[IL] In the U.S., issues of stratification along the lines of income/wealth, spatial designation, and housing persist. These dimensions of place and space are basic components of the lived experience of many citizens. This course will explore the oftentimes disjointed perceptions and realities of poverty, neighborhoods, and housing policy in America. We will examine some key theoretical and critical issues regarding both the existence and persistence of poverty in the U.S. We will also assess the role and significance of the physical, economic, social, political and demographic attributes of neighborhoods as key aspects of place and space in society. Finally, we will explore contemporary housing policy and the ways in which such public interventions impact and shape the relationships between poverty and place. In addition to texts such as Patillo’s Black Pickett Fences, Jargowsky’s Poverty andPlace, Jackson’s Crabgrass Frontier, Sen’s Development as Freedom, and Ehrenreich’s Nickel and Dimed, we will also assess the geography of opportunity as portrayed in such films as Winter’s Bone, Slumdog Millionaire, Beasts of the Southern Wild, Precious, and Trouble the Water.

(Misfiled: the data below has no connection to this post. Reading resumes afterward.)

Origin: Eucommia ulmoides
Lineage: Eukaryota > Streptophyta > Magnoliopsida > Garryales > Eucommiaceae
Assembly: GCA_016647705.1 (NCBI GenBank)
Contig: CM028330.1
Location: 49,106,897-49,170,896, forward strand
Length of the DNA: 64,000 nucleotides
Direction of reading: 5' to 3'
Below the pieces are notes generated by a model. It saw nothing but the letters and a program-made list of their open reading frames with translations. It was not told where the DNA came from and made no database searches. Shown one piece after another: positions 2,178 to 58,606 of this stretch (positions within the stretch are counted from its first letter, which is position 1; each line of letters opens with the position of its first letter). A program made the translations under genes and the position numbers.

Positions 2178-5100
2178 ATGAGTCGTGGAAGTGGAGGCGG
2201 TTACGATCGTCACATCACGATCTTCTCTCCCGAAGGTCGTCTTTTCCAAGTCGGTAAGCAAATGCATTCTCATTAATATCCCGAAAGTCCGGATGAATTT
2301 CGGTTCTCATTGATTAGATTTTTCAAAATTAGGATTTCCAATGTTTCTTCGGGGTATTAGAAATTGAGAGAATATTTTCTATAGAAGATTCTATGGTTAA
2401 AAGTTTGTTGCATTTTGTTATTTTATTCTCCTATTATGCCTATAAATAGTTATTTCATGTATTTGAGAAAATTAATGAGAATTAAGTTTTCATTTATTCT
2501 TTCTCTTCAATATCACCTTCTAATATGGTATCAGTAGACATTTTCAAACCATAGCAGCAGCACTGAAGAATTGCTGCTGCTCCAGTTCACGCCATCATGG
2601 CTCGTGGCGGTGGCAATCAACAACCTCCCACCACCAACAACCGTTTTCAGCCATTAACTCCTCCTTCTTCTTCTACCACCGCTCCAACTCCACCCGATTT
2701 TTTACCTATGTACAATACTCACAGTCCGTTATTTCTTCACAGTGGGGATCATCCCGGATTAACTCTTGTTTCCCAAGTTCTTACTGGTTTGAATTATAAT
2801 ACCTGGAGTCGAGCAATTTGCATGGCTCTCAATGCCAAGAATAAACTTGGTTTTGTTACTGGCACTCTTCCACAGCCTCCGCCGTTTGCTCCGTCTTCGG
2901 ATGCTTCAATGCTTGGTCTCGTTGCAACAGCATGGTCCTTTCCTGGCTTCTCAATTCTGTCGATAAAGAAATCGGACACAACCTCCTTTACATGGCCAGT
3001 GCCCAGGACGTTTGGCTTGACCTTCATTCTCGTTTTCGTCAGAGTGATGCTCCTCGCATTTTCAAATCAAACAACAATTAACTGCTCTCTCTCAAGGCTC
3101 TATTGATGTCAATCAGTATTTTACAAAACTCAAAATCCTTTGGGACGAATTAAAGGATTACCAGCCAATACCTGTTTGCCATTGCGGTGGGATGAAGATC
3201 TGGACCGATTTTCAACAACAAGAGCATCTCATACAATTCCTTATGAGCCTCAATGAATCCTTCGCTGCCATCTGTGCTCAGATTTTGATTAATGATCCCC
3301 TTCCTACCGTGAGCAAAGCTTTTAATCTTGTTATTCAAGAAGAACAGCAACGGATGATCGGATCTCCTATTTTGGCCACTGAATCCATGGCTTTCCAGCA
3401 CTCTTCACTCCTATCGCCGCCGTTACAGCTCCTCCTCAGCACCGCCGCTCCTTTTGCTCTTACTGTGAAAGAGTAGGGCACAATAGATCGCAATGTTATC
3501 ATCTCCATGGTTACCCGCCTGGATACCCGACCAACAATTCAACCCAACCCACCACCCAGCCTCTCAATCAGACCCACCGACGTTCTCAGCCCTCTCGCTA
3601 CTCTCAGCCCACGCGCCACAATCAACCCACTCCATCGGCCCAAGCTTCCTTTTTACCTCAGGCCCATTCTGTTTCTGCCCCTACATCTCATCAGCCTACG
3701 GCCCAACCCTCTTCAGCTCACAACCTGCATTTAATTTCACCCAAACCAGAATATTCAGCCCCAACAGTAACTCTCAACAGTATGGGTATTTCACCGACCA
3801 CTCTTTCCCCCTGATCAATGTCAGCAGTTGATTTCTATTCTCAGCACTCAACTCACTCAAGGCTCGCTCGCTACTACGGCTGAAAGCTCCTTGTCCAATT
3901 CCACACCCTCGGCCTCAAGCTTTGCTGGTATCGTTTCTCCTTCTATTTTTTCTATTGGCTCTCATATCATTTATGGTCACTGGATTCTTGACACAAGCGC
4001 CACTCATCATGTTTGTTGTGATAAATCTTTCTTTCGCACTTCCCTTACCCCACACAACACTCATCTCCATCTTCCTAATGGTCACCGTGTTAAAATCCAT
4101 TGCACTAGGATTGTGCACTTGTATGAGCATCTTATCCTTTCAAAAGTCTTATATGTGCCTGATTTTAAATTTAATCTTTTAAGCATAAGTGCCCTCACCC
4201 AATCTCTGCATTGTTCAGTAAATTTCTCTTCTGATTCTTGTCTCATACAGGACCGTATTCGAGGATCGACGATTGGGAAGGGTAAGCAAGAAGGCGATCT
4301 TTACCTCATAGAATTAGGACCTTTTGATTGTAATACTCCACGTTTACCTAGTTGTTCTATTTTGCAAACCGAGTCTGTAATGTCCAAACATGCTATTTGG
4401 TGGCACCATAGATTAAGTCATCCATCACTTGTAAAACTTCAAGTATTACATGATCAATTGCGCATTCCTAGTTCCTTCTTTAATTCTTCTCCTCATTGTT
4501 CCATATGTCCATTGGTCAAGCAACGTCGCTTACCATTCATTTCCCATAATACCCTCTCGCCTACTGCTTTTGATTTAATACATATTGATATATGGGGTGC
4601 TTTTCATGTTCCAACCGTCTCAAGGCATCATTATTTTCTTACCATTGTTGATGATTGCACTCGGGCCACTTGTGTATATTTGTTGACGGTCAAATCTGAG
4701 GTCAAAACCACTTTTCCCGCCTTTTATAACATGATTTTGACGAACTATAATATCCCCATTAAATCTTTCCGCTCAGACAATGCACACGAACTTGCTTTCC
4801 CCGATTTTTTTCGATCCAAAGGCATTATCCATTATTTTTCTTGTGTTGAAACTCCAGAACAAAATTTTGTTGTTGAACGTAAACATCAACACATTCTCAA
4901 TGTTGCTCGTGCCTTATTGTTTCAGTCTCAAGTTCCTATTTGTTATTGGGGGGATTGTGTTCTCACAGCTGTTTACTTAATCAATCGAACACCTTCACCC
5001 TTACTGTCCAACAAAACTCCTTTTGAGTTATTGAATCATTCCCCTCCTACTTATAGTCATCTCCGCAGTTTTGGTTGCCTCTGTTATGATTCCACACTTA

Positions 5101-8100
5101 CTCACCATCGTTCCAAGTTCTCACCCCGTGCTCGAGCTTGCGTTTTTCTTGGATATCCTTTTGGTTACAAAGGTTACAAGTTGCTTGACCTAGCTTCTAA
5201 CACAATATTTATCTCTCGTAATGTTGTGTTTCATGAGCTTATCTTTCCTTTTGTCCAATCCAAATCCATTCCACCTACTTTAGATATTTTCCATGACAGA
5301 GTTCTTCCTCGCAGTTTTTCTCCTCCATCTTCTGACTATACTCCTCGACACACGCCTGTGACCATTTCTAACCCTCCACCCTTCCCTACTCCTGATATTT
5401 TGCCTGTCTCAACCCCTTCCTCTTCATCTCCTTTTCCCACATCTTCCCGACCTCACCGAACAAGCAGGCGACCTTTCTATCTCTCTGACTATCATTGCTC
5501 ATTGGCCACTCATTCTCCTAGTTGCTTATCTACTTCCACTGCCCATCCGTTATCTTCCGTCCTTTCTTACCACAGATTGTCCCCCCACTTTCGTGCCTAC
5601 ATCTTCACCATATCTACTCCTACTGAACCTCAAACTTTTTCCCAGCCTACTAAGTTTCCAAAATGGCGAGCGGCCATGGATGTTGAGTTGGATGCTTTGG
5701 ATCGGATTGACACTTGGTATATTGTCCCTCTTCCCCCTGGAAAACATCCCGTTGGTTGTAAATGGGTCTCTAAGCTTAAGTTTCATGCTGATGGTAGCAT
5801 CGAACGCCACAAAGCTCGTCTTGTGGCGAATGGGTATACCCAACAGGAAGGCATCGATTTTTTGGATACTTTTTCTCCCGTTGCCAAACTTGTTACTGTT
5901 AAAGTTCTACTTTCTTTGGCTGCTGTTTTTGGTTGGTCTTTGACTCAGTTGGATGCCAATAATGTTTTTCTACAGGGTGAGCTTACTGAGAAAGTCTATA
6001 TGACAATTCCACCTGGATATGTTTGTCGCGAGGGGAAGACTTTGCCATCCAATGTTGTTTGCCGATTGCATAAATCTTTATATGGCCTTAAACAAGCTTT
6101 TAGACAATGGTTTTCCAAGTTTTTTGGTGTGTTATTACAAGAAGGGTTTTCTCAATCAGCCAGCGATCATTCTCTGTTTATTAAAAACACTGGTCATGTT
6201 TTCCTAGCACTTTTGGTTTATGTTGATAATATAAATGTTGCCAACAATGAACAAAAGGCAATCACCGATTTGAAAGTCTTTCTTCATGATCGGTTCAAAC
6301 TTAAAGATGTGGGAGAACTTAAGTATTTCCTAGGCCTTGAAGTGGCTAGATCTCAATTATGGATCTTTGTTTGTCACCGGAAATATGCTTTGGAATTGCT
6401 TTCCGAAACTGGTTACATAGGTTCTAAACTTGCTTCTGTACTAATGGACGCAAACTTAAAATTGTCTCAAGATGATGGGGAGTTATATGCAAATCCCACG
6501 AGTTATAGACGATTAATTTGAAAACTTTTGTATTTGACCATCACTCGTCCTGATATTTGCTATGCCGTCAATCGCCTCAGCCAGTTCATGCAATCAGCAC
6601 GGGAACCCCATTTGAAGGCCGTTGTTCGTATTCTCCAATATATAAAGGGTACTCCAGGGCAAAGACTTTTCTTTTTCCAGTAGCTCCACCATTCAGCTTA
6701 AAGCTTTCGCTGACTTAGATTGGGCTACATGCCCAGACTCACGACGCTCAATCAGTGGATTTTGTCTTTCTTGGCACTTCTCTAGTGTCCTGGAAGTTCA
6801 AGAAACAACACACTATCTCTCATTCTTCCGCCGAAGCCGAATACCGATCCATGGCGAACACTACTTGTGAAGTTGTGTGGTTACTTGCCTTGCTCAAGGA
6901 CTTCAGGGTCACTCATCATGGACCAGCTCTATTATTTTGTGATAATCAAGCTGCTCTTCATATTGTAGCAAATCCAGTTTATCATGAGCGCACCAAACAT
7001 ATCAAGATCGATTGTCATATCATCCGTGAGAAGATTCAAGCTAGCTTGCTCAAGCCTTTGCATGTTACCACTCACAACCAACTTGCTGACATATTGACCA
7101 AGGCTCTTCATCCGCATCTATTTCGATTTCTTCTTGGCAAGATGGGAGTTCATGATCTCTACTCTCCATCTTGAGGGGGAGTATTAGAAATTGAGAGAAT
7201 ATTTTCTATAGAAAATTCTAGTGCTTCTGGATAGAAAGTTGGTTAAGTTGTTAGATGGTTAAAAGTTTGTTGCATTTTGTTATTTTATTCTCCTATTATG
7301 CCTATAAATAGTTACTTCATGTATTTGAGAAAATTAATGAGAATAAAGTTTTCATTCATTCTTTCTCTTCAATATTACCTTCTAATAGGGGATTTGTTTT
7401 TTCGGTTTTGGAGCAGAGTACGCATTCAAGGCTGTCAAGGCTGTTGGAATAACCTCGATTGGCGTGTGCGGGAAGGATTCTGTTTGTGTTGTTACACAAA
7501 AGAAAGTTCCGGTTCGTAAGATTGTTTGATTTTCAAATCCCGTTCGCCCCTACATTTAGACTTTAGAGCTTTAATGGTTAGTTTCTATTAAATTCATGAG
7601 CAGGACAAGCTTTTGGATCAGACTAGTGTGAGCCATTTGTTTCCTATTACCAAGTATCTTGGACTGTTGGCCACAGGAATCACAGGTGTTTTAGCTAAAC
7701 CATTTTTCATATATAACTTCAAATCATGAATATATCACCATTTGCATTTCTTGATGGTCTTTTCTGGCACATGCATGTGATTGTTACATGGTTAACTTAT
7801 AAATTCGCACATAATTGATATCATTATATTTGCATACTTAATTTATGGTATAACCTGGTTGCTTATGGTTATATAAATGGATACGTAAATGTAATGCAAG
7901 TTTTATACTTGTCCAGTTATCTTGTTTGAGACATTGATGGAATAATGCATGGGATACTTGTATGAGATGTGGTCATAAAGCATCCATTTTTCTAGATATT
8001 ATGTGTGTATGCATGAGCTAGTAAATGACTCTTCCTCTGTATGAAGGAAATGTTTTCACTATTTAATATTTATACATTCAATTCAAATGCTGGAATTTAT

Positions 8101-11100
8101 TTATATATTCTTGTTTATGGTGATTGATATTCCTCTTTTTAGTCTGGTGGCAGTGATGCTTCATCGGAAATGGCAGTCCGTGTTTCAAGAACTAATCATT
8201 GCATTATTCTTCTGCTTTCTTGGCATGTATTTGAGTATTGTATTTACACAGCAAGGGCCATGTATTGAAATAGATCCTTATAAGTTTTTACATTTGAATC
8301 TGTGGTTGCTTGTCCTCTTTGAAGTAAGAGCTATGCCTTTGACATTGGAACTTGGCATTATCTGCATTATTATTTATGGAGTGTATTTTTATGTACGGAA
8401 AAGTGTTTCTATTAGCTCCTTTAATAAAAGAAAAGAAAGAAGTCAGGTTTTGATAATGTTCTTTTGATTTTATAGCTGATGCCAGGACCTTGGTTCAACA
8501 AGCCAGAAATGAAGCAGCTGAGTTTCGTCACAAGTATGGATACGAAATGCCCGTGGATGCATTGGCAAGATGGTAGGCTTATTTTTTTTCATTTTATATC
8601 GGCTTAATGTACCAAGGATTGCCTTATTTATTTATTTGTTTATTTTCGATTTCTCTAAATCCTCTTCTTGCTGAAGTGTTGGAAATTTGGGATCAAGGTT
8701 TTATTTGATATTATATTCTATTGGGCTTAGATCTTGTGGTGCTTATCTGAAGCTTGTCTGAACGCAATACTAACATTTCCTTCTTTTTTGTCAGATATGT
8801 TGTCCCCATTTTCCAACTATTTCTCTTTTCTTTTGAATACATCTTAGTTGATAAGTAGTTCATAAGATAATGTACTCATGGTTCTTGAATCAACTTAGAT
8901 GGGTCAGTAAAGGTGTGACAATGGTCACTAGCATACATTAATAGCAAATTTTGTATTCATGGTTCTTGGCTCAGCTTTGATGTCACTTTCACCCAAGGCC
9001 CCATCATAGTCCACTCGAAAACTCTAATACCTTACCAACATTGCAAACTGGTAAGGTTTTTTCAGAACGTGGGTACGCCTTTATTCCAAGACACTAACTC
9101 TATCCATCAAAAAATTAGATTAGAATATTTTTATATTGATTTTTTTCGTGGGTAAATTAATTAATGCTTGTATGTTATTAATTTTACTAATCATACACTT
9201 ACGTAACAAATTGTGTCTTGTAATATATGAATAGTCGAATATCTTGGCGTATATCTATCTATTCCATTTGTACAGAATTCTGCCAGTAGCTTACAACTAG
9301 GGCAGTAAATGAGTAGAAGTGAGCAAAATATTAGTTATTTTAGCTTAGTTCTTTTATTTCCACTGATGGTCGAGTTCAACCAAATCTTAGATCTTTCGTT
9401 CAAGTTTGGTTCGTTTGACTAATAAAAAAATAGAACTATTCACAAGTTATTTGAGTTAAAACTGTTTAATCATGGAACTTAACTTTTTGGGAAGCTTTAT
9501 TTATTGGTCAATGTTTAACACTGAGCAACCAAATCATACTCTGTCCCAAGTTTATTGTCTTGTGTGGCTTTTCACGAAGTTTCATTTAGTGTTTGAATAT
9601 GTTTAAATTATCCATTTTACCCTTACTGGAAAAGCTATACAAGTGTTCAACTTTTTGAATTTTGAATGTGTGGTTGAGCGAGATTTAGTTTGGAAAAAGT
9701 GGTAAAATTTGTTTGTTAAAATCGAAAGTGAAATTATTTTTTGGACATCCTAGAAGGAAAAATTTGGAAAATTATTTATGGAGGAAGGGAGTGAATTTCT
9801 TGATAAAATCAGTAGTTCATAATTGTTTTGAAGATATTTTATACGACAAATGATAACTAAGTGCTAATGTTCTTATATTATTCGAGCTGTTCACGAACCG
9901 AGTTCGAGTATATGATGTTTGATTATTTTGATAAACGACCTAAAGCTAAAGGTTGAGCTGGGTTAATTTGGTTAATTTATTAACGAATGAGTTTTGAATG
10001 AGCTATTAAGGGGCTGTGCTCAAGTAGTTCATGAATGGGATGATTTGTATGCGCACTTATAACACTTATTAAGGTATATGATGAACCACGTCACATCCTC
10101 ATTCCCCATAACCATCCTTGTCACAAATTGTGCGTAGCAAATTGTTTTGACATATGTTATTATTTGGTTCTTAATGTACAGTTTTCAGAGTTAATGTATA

Requisite: prior coursework in Political Science. Limited to 15 students. Spring semester. Professor Burns.
If Overenrolled: Preference given to Political Science majors; then based on seniority and prior coursework in Political Science